"Storms, she could handle. This, however, was a tsunami." Karen has always been organized, competent, able to cope with whatever - the responsible daughter, in other words. "So far, she'd kept all her balls in the air, but how many more could she juggle? Didn't a shattered marriage, a job outside the home for the first time in more than a dozen years, and a rebellious daughter whose transition to teenager had been complicated by her parents' split provide enough challenges?"
Val, on the surface, seems to be the golden girl with a charmed life, Mom's favorite. But when David, Margaret's physical therapist, first meets Val, he realizes that "There were layers there, and deep, turbulent pools beneath the placid surface. Complexities and shadows and hidden corners, all safely concealed behind a beautiful face and great body."
Two other characters add richness to this story: Margaret, a manipulative, self-centered mother with a martyr complex, and Scott, a jazz musician and sole survivor of a horrible traffic accident.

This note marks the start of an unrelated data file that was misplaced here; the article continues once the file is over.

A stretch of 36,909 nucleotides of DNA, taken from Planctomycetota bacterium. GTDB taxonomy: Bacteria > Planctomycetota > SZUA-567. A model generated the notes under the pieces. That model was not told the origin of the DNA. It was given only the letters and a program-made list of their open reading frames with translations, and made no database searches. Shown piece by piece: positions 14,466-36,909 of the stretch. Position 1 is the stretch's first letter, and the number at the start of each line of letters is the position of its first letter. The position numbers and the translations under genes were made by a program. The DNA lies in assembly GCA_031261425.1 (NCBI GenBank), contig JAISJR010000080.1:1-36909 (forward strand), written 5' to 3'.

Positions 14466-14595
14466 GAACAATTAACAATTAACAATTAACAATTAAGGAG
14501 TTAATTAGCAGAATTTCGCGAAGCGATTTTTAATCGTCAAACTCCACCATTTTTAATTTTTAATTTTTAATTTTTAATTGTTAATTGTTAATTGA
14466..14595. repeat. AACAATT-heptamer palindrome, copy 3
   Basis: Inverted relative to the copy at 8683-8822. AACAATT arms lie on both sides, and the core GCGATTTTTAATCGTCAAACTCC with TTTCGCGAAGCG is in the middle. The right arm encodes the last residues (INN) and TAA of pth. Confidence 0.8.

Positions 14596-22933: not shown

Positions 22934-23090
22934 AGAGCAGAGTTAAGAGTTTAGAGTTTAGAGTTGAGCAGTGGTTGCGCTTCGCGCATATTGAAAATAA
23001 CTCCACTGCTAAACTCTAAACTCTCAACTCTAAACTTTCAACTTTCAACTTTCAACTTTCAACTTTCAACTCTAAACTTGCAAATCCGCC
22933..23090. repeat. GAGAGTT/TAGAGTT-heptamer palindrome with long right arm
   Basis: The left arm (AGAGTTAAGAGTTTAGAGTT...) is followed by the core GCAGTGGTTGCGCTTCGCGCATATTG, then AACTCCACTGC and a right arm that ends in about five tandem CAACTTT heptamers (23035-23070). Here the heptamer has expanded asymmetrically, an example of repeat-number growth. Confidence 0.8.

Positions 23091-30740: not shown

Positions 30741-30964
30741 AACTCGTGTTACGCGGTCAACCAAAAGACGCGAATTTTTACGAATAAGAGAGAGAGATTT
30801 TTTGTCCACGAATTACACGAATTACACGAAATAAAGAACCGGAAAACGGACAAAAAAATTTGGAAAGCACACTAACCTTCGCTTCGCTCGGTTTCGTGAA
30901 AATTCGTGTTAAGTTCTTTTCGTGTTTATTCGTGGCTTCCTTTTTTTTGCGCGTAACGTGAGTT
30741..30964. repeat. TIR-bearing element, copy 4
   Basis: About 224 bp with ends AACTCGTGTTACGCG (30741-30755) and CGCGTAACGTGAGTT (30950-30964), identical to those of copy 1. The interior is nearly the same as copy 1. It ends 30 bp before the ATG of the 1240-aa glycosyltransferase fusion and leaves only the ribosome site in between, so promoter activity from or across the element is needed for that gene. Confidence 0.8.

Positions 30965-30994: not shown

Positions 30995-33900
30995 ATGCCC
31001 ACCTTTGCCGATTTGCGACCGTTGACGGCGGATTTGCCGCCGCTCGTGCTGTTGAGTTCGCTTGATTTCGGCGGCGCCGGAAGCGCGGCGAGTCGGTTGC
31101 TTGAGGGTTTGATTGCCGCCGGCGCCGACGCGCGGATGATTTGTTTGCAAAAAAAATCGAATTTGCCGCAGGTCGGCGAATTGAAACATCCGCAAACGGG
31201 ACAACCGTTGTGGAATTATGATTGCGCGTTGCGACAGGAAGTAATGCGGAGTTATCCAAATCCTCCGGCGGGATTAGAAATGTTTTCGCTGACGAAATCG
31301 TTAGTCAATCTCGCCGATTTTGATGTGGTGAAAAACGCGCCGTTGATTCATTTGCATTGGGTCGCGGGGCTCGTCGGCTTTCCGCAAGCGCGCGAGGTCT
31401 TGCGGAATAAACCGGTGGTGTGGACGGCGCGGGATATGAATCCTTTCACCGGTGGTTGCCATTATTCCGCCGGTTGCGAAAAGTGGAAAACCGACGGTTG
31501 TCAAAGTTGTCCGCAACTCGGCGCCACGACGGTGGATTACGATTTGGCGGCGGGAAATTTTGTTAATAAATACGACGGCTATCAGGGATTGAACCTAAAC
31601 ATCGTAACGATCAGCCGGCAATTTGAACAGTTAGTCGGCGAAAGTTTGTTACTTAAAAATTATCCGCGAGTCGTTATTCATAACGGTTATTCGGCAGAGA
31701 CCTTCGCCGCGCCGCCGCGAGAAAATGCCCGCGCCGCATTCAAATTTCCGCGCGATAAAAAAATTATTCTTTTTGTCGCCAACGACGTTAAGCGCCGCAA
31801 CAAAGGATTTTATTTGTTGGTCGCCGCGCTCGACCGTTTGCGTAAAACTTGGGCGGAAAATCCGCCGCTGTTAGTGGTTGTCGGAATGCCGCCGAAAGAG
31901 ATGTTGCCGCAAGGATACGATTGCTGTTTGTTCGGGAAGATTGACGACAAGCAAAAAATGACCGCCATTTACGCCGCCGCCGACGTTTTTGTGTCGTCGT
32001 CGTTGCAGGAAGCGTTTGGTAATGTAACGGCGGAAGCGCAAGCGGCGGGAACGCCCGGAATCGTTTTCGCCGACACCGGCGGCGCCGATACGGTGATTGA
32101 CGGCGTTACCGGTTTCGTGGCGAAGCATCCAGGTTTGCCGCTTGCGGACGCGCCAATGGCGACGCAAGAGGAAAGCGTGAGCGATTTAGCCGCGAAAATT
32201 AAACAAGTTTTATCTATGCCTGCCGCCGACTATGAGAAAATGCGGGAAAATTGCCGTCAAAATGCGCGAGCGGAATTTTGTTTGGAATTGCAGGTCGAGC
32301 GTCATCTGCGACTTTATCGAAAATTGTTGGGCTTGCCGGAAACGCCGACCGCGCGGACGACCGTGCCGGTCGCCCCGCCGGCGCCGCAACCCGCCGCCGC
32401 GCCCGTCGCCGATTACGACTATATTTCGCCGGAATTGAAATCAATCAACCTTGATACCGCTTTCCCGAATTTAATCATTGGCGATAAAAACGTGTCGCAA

I think the greatest strength of this story is its spiritual theme, which shows through fiction how Christ's teachings can be implemented in our daily lives. Val sought freedom from guilt by confronting her mistakes and dealing with them once and for all. Karen had spent her life trying to please people by being passive and giving in. Scott struggled with having to give up the musical career he had planned. Each character's spiritual journey unfolds in a realistic and interesting way. Repentance also enters into this story, an element not often mentioned in Christian fiction.